River Bridge Regional Center holds its fourth annual “Imagine” fundraiser Saturday, with all proceeds benefiting the Glenwood Springs-based nonprofit’s child advocacy programs.
The event takes place from 6 to 10 p.m. at River Valley Ranch’s Old Thompson Barn, with tickets $50 in advance and $55 at the door if they don’t sell out. The Leonard Curry Trio will give the evening a “mellow, mix and mingle vibe,” with food from Pan and Fork, Allegria and Smoke. There will also be a photo booth and a chance to pose with Frazier the dog, an essential part of the team.
“People love the event, which is why we keep doing it,” said executive director Blythe Chapman. “I think the community has really started to see it as the big chance to support us.”
According to Chapman, the title alludes to the idea of a world in which River Bridge wasn’t needed.
“Imagine a child could feel safe speaking up,” she said. “Imagine a world where people never abuse children in the first place.”
Chapman hopes that in addition to raising much-needed money for child abuse treatment and prevention, “Imagine” will help raise community awareness during National Child Abuse Prevention Month.
That’s no small challenge, as Kerry Ach finds when explaining her position as a forensic interviewer – providing the knowledge and safe environment and for children to talk about abuse.
“People don’t think it happens here,” she said. “It’s an easier world to live in if you don’t need to struggle with that reality.”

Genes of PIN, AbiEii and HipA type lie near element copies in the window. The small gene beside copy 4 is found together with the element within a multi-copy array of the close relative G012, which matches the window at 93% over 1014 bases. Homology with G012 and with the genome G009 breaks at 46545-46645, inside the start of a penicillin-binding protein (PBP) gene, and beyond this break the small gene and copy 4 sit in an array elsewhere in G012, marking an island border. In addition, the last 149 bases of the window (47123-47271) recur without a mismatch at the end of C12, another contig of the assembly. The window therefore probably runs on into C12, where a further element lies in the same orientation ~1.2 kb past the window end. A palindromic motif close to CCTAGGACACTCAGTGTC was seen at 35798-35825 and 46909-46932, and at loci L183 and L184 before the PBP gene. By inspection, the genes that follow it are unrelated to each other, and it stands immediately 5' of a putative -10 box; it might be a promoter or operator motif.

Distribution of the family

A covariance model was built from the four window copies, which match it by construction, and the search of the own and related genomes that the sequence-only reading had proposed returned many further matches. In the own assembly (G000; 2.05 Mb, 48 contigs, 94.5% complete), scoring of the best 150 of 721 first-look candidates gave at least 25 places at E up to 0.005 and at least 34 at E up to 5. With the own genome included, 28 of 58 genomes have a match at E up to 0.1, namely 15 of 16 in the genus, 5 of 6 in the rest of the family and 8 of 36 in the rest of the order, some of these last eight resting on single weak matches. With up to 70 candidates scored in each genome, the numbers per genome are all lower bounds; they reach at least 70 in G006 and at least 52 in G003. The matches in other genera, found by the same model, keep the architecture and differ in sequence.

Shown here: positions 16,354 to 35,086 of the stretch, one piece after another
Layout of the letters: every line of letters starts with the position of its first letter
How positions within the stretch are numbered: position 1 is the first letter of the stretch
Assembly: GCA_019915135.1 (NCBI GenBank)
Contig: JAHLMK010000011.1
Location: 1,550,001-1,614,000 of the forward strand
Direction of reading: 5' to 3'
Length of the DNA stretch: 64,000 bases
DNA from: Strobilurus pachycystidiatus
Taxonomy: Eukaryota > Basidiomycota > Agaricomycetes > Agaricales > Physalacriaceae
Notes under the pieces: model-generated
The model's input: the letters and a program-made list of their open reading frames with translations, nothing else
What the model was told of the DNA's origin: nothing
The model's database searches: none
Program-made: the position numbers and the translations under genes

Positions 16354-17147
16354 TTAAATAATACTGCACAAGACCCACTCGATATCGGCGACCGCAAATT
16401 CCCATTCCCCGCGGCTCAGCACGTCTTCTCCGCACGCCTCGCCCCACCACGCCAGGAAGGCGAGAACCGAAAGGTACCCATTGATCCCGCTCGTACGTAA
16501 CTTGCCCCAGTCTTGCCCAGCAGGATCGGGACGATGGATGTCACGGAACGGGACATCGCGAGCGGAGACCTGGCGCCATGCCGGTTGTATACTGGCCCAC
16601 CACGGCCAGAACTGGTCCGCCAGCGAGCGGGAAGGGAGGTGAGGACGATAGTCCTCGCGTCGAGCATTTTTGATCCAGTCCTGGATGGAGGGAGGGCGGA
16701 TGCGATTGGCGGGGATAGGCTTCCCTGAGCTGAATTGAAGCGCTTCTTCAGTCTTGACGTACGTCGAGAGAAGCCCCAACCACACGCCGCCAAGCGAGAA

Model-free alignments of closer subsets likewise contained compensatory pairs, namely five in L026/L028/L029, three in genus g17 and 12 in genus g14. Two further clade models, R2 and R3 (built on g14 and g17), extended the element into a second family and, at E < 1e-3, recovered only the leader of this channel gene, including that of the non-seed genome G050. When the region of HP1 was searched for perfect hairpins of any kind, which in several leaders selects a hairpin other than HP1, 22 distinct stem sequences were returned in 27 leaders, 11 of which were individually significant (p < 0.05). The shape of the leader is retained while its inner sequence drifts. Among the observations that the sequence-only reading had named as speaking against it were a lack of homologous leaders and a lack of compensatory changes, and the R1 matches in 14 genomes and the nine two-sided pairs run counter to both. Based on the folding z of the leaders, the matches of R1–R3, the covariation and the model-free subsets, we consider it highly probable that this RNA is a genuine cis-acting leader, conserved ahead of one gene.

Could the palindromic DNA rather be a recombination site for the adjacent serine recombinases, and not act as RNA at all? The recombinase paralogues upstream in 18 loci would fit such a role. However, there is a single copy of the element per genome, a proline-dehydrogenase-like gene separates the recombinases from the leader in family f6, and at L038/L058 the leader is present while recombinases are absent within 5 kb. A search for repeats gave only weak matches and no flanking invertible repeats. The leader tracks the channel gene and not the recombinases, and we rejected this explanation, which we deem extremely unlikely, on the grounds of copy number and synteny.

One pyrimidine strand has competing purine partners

In fact, law enforcement in Garfield, Pitkin, Eagle, and Rio Blanco counties sent 176 kids to River Bridge in 2015, and the first quarter of 2016 suggests they’ll see more this year.
“That’s probably a small fraction of the number of children that could have been served had all reports come through,” Champan observed. “The kids that come through here are the ones that we know are going to be OK … It’s the kids we don’t know about that really keep me up at night.”
To help with that figure, River Bridge is hosting community courses on preventing child sex abuse from 6:30 to 8 p.m. April 18 at Elk Creek Elementary and April 20 at Highland Elementary.
Their motto is “where silence ends and healing begins.”
“That’s really what happens here,” Champan said. “We’re ending that culture of fear. Abuse grows and flourishes in silence.”